Cleisthenes and Democracy


The Reforms of Cleisthenes - 508 BCE

Isagoras backed by Cleomenes against Cleisthenes the Alcmaionid

Cleisthenes 'takes the people into his party'

Cleomenes intervenes and is expelled from Acropolis

Cleisthenes reforms the political organization of Athens

deme affiliation replaces aristocratic clan allegiance


oikos - household

deme – township, borough

genos – family, clan

trittys – "third", county

phratry – "brotherhood", family

phyle - tribe


ten tribes replace the traditional four

- composed of demes from different areas of Attica

- trittyes of coast, plains, and city

Boule (Council) of 500 - prytanies of 50 from each tribe

Ecclesia of all the citizens

Heliaia – the people’s courts

Graphe Paranomon and Eisangelia

Ostracism in Athens


Athens and Persia  - The Ionian Revolt

Aristagoras of Miletus - the Naxos Debacle - 499

Athenians assist in the burning of Sardis - 498

Persians crush revolt - Battle of Lade, Sack of Miletus - 494

Phrynichus and the Sack of Miletus - 493

Mardonius' expedition wrecked at Athos - 492


Sparta and Athenian politics

King Cleomenes in Conflict with King Demaratus

Athens and Isagoras – Boeotia, Euboea, and Eleusis

Aegina Crisis – 491

Cleomenes at Argos – Battle of Sepeia

Tales about Demaratus

The Expulsion of Demaratus and Rise of King Leotychides

The Fall of Leotychides and Cleomenes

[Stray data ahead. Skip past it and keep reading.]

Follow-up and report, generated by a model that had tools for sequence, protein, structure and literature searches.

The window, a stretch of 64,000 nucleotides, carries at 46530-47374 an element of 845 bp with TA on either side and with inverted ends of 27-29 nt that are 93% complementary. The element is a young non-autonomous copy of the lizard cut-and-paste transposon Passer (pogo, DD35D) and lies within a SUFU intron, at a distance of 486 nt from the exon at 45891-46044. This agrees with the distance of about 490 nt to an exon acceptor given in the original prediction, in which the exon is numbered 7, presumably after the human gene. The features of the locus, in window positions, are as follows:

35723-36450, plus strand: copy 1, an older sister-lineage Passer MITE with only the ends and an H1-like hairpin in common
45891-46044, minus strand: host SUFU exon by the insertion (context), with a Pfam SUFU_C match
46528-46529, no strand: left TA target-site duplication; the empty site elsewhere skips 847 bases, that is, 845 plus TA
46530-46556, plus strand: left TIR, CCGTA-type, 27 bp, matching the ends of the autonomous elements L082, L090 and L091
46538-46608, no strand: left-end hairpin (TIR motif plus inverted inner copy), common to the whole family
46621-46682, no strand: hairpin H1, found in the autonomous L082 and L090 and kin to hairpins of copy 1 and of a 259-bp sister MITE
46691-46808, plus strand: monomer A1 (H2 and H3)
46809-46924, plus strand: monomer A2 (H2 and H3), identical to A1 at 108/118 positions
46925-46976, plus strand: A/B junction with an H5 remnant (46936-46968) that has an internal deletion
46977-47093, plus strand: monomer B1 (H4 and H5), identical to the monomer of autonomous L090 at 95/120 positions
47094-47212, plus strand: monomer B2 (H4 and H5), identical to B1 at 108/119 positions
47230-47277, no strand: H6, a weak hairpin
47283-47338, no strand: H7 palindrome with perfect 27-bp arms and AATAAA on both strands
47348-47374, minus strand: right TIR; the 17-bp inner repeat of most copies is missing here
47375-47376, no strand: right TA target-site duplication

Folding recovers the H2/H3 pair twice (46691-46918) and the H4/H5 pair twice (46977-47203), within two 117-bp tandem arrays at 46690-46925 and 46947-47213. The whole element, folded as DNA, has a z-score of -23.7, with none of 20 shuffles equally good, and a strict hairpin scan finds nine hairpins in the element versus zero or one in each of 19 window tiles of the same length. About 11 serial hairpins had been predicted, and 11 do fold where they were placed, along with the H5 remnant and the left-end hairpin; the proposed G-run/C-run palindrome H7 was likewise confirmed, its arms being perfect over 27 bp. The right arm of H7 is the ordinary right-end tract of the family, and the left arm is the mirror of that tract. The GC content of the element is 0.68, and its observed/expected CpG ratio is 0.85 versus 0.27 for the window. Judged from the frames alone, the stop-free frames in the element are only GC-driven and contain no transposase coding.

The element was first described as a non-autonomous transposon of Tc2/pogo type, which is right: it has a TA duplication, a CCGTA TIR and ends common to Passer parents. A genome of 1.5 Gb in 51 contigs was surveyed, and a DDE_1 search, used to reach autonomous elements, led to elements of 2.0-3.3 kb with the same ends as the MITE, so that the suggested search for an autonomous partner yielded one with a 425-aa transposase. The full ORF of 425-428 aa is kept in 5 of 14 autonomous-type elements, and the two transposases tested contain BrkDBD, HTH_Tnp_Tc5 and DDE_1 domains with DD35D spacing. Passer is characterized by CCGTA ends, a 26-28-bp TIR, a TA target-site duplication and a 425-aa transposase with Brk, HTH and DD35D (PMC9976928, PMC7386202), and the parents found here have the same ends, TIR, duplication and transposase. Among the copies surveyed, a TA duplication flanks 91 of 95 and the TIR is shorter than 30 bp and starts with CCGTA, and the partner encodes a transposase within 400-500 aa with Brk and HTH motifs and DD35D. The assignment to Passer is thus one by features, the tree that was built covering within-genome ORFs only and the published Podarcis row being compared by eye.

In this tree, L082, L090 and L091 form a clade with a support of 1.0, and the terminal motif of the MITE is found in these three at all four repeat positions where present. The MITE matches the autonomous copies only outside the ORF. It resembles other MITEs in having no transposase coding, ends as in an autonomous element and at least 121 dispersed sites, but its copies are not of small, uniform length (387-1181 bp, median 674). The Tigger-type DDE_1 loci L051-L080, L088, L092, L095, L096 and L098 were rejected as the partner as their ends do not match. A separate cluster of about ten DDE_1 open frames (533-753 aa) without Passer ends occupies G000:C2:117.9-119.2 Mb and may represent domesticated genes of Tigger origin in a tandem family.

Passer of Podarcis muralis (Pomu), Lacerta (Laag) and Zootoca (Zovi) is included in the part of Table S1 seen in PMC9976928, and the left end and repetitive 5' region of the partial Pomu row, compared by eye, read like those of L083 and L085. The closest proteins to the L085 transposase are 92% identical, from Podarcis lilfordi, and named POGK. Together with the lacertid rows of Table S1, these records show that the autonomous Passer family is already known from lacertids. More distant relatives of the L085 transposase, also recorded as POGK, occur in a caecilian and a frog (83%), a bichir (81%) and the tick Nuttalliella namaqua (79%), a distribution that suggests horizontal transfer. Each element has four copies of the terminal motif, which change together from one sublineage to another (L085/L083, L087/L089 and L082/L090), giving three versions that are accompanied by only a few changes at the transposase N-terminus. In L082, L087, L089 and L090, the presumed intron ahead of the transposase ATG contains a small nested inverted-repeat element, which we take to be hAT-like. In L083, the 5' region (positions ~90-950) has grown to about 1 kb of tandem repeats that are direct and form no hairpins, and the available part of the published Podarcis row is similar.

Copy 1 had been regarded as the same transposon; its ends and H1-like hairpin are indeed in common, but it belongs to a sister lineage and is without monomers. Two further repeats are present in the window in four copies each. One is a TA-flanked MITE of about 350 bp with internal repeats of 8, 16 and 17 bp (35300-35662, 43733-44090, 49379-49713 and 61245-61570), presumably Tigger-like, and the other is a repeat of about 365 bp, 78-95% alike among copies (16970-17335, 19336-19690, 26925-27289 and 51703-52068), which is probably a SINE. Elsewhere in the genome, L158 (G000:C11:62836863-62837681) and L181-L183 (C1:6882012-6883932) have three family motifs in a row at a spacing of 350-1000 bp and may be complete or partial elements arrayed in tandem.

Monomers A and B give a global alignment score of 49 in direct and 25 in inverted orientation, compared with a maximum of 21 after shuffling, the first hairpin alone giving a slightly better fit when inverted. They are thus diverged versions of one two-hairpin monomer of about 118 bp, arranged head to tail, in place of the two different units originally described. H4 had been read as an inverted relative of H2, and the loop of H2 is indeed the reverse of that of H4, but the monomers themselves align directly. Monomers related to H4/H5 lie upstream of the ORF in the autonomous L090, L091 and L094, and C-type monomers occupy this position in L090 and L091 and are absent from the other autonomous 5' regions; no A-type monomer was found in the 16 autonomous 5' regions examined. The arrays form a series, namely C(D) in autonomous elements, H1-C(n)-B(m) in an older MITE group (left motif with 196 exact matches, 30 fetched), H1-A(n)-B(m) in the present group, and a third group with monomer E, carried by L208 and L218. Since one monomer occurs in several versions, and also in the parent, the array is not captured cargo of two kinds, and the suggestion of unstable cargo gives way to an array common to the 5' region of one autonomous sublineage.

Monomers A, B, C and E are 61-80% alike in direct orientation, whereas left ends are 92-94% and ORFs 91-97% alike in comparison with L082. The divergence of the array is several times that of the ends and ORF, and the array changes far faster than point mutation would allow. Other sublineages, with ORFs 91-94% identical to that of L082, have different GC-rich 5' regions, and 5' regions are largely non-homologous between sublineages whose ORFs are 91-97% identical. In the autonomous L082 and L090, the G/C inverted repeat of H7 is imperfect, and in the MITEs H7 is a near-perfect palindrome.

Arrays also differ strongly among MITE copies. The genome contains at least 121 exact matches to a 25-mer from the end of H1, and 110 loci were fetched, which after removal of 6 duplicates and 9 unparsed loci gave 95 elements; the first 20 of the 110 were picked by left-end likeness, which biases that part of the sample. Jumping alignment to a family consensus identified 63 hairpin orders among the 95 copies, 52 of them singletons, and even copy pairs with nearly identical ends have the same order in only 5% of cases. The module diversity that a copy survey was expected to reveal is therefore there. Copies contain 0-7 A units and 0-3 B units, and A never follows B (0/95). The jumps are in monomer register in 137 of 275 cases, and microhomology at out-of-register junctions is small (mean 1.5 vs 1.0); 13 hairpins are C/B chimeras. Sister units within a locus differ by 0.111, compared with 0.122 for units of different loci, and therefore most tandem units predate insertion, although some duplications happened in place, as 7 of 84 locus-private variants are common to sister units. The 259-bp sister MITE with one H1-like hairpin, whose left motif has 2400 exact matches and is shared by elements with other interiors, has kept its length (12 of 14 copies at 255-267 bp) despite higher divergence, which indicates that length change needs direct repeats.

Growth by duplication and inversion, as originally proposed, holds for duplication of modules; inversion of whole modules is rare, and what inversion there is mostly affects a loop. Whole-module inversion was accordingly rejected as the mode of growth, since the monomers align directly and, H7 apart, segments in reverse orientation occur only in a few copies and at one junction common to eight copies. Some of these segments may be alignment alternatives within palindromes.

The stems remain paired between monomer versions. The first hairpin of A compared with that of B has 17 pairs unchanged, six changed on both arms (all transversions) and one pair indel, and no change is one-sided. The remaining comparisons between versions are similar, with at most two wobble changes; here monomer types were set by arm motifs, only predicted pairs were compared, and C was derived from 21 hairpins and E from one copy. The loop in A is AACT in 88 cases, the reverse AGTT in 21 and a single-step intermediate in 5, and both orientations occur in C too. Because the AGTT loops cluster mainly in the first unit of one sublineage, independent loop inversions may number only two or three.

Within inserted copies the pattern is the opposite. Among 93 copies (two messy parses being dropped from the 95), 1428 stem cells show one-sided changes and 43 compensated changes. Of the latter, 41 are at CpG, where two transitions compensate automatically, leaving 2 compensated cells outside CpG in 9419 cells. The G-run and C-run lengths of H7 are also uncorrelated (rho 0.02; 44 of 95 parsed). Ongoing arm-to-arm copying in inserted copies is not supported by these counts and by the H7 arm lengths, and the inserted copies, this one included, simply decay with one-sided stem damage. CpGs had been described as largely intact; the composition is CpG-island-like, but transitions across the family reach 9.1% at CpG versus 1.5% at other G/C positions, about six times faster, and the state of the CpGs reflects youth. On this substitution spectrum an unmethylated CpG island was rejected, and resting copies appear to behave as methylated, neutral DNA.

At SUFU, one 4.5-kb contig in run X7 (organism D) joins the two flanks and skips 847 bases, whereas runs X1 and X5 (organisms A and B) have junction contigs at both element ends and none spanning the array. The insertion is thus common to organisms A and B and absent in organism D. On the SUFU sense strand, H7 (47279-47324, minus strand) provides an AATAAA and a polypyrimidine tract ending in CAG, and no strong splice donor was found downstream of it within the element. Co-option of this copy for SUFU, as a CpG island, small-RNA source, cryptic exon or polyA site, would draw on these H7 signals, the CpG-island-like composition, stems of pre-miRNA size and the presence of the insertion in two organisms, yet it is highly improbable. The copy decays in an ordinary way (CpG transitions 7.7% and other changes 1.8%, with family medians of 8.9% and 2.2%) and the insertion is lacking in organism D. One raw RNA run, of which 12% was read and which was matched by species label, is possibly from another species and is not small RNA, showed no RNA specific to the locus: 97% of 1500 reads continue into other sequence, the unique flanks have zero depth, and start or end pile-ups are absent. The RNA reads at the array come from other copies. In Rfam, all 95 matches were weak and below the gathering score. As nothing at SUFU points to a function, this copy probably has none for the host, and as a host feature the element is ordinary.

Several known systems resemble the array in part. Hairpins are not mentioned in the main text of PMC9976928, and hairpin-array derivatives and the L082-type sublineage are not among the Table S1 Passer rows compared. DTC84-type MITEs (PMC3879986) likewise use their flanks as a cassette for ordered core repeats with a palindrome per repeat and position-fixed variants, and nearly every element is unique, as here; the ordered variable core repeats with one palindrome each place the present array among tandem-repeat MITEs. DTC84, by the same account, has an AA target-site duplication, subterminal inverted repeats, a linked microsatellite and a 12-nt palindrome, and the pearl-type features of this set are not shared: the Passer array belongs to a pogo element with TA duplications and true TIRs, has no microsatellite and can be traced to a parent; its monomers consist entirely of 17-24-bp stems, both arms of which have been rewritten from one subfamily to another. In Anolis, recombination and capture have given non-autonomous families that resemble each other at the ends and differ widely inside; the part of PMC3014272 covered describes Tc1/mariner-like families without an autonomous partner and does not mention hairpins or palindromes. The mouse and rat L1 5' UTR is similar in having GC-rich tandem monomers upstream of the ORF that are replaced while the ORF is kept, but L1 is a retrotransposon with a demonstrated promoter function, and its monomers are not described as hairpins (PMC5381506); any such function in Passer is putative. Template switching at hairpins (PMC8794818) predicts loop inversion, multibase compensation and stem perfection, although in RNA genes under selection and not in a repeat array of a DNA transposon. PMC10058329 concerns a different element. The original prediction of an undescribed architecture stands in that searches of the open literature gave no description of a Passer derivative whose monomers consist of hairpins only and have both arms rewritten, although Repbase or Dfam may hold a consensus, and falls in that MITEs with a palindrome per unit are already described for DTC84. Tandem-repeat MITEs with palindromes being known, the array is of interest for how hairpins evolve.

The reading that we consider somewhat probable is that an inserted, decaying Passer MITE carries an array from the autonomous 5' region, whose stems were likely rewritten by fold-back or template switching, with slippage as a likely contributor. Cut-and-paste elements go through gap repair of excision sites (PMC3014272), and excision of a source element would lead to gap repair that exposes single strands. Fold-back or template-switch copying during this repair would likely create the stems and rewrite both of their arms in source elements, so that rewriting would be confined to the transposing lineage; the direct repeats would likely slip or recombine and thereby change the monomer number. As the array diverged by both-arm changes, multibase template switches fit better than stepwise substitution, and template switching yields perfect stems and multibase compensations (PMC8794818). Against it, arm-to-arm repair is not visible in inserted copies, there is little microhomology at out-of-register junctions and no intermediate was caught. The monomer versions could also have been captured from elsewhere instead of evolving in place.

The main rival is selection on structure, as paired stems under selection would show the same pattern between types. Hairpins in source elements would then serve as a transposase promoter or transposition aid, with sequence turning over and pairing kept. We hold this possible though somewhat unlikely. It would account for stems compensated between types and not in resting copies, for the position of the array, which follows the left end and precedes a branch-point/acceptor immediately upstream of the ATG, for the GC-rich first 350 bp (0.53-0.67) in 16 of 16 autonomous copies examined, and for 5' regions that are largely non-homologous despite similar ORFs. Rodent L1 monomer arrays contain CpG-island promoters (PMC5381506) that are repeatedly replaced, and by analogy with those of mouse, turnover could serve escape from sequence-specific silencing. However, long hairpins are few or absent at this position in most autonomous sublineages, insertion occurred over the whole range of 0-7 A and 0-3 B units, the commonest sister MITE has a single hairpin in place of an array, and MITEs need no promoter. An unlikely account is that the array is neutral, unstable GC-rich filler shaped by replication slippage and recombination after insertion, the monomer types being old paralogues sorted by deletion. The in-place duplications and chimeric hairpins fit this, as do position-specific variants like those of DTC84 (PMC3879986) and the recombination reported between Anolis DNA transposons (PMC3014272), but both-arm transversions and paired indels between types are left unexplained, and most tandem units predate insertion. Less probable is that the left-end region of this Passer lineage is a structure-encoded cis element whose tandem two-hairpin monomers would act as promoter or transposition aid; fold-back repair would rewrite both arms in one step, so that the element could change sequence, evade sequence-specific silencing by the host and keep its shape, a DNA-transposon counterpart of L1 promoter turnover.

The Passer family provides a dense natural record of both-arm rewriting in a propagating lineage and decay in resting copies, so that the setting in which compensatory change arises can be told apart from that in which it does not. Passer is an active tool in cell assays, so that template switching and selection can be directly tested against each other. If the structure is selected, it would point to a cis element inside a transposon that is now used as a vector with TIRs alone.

Croesus king in Lydia


Cyrus becomes king of Persia


Cyrus conquers Media


Cyrus conquers Lydia


Pisistratus' final tyranny at Athens


Cyrus conquers Babylon


Death of Cyrus, accession of Cambyses


Persian conquest of Egypt


Darius takes power in Persia


Cleomenes King of Sparta


Harmodios and Aristogeiton assassinate Hipparchos


Darius conquers Thrace


Expulsion of the Pisistratids from Athens


Isagoras Archon at Athens; reforms of Cleisthenes


Board of Ten Generals instituted at Athens


Ionian revolt begins


Sardis burned by Ionians; Cleomenes wins Battle of Sepeia


Revolt quelled on Cyprus


Battle of Lade; Sack of Miletus


Themistokles archon at Athens; Phrynichus - Sack of Miletus


Mardonius' expedition wrecked in storm off Athos


Persians demand earth and water; Aeginetan crisis


Death of Cleomenes


Ostracisms and choice of archons by lot instituted at Athens


Aristophanes Thesmophoriazeusai (Women at the Thesmophoria) 295-383


Woman Herald: [295] Silence! Silence! Pray to the Thesmophorae, Demeter and Cora; pray to Plutus, Calligenia, Curotrophus, [300] the Earth, Hermes and the Graces, that all may happen for the best at this gathering, both for the greatest advantage of Athens [305] and for our own personal happiness! May the award be given her who, by both deeds and words, has most deserved it from the Athenian people and from the women! [310] Address these prayers to heaven and demand happiness for yourselves. Io Paean! Io Paean! Let us rejoice!